The Sackville-Baggins Family was a branch of the Baggins Family.
Camellia Sackville was the daughter of the head of the Sackville Family. She married Longo Baggins, the son of Mungo Baggins. Some time prior to the birth of their first son, Otho, Camelia's father died. As was the custom in the "younger" families when there was no male heir, the headship passed to the daughter's eldest son. He would then use his mother's name, and add his father's to it. Thus, the Sackville-Baggins branch was created.
Otho married Lobelia Bracegirdle of Hardbottle, and the two had one child, Lotho. Despite being the heir of the wealthy Sackville Family, the Sackville-Bagginses yearned for the headship of the Baggins Family, and more specifically, their residence, Bag End, the residence of Bilbo Baggins. They became hopeful when Bilbo disappeared and were disappointed when he returned. Their hopes were finally dashed in T.A. 2989 when Bilbo adopted an heir, Frodo.
The Sackville-Bagginses were the only of Bilbo Baggins's relatives who didn't pay visits. However he did invite them to his birthday party and they decided to come, thanks to the luxurious invitation card (written with golden ink) and the reputation of Bilbo's tables. During his speech he made a special mention to them, thanking and welcoming them, but they scowled hearing that Frodo (whom they detested) came into Bilbo's inheritance; they also felt insulted when he revealed that the guests were supposed to fill a Gross, as if they had been invited only for this reason. When Bilbo said farewell and disappeared at the end of his speech, they left enraged.
The next day they heard that Bilbo's household is giving out for free, and demanded to see Frodo and offensively offered him bad bargain-prices for various valuable things, but Frodo replied that the things given away were parting gifts directed by Bilbo, and only a case of silver spoons was for them. Otho accused Frodo for "doing exceedingly well out of it" and demanded to see Bilbo's will (without which Otho would be Bilbo's heir).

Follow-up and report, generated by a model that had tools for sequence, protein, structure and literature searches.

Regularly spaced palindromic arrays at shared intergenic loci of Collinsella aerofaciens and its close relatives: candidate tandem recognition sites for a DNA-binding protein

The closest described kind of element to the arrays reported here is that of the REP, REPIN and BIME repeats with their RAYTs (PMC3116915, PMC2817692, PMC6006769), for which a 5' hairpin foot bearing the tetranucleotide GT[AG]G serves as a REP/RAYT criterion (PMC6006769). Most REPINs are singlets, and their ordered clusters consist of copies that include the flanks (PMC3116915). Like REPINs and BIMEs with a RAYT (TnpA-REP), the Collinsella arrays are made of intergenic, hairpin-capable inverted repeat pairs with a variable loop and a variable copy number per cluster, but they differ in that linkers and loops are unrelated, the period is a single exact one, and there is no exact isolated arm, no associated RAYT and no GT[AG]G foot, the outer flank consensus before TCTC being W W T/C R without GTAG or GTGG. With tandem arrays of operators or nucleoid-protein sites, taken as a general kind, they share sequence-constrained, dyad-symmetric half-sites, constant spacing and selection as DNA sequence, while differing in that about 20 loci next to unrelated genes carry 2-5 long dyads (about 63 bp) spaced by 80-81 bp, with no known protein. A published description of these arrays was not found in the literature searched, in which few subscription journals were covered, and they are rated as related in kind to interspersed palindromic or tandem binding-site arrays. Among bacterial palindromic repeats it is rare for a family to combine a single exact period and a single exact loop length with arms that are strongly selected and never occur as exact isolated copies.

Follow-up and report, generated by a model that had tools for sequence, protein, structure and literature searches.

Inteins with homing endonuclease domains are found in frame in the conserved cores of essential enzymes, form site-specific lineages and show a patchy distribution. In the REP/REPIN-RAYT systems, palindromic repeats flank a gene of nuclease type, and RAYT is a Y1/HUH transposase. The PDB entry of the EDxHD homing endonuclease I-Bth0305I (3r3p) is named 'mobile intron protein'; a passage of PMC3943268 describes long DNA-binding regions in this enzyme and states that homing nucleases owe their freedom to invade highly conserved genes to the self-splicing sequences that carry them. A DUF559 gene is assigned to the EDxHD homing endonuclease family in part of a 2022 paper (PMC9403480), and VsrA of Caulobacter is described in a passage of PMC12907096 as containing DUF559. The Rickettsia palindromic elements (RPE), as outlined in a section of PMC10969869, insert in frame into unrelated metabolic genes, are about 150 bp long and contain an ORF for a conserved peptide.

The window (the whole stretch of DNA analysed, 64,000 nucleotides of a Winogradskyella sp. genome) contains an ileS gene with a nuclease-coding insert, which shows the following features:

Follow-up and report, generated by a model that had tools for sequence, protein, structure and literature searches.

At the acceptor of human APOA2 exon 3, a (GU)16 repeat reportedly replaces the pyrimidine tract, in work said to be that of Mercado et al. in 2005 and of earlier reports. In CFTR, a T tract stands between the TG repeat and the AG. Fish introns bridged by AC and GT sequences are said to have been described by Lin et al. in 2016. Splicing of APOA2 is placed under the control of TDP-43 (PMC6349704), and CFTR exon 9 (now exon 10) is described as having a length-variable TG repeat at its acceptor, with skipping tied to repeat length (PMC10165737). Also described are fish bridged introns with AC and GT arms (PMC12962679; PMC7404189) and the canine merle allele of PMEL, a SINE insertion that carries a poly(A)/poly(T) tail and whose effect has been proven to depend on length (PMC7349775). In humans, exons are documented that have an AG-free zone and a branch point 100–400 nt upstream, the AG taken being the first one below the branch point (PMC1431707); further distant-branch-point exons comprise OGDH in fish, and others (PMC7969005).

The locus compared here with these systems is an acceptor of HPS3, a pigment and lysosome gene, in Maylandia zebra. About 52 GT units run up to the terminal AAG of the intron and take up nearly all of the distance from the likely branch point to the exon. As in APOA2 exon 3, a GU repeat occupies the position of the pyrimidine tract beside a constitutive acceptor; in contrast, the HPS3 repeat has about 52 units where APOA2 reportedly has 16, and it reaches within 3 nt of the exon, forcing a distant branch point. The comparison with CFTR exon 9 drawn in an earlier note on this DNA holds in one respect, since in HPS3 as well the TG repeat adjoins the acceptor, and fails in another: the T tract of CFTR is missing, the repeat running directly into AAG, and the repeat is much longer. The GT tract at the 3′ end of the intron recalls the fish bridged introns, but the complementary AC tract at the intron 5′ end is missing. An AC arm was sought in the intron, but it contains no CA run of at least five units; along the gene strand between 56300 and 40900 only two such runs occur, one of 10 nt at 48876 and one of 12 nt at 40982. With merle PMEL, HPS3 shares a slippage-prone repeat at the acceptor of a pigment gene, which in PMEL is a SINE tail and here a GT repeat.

After Frodo's departure, Bag End was sold to Lobelia, but Otho had died.
The Sackville-Bagginses were descendants of Mungo Baggins, like Bilbo. They considered themselves the heir of the Baggins Family headship because Frodo Baggins was the descendant of Largo Baggins, Mungo's younger brother.
Sackville was the name of a relatively young Hobbit family. Their name had an association with Baggins in that both contained an element for "bag/sack"; Sackville was a slightly more aristocratic version. Tom Shippey argued that this "similarity" also provoked an antonymy: Bag End was used around England as a replacement of French cul-de-sac, "dead end street" - even Tolkien's own aunt Jane Neave lived in a house of that name. Tolkien did not like the Norman conquest of Britain, and made the Bagginses English. The name Sackville, however, is very Norman, as one of the few, if not the only, Hobbit family name.
Other versions of the legendarium
In J.R.R. Tolkien's manuscript of The Hobbit the Sackville-Baggins were called the Allibone Baggins. John D. Rateliff stated that the change to "Sackville" was penciled in about the time the story was being prepared for publication in 1936. The significance of "Allibone" is unknown although Mr. Rateliff thought it might relate to Alboin, a character in The Lost Road.
- ↑ 1.0 1.1 1.2 J.R.R. Tolkien; Humphrey Carpenter, Christopher Tolkien (eds.), The Letters of J.R.R. Tolkien, Letter 214, (undated, written late 1958 or early 1959)
- ↑ 2.0 2.1 2.2 J.R.R. Tolkien, The Lord of the Rings, Appendix C, "Baggins of Hobbiton"
- ↑ J.R.R. Tolkien; Humphrey Carpenter, Christopher Tolkien (eds.), The Letters of J.R.R. Tolkien, Letter 25, (dated February 1938)
- ↑ J.R.R. Tolkien, The Hobbit, "The Return Journey"
- ↑ 5.0 5.1 5.2 5.3 5.4 J.R.R. Tolkien, The Lord of the Rings, The Fellowship of the Ring, "A Long-expected Party"
- ↑ J.R.R. Tolkien, Wayne G. Hammond, Christina Scull (eds.), Nomenclature of The Lord of the Rings, published in: Wayne G. Hammond, Christina Scull, The Lord of the Rings: A Reader's Companion, page 762
- ↑ Tom Shippey, J.R.R. Tolkien: Author of the Century, page 10
- ↑ J.R.R. Tolkien, John D. Rateliff (ed.), The History of The Hobbit, Return to Bag-End, The Third Phase, "The End of the Journey", p. 691
- ↑ J.R.R. Tolkien, John D. Rateliff (ed.), The History of The Hobbit, Return to Bag-End, The Third Phase, "The End of the Journey", Text Note 14, p. 699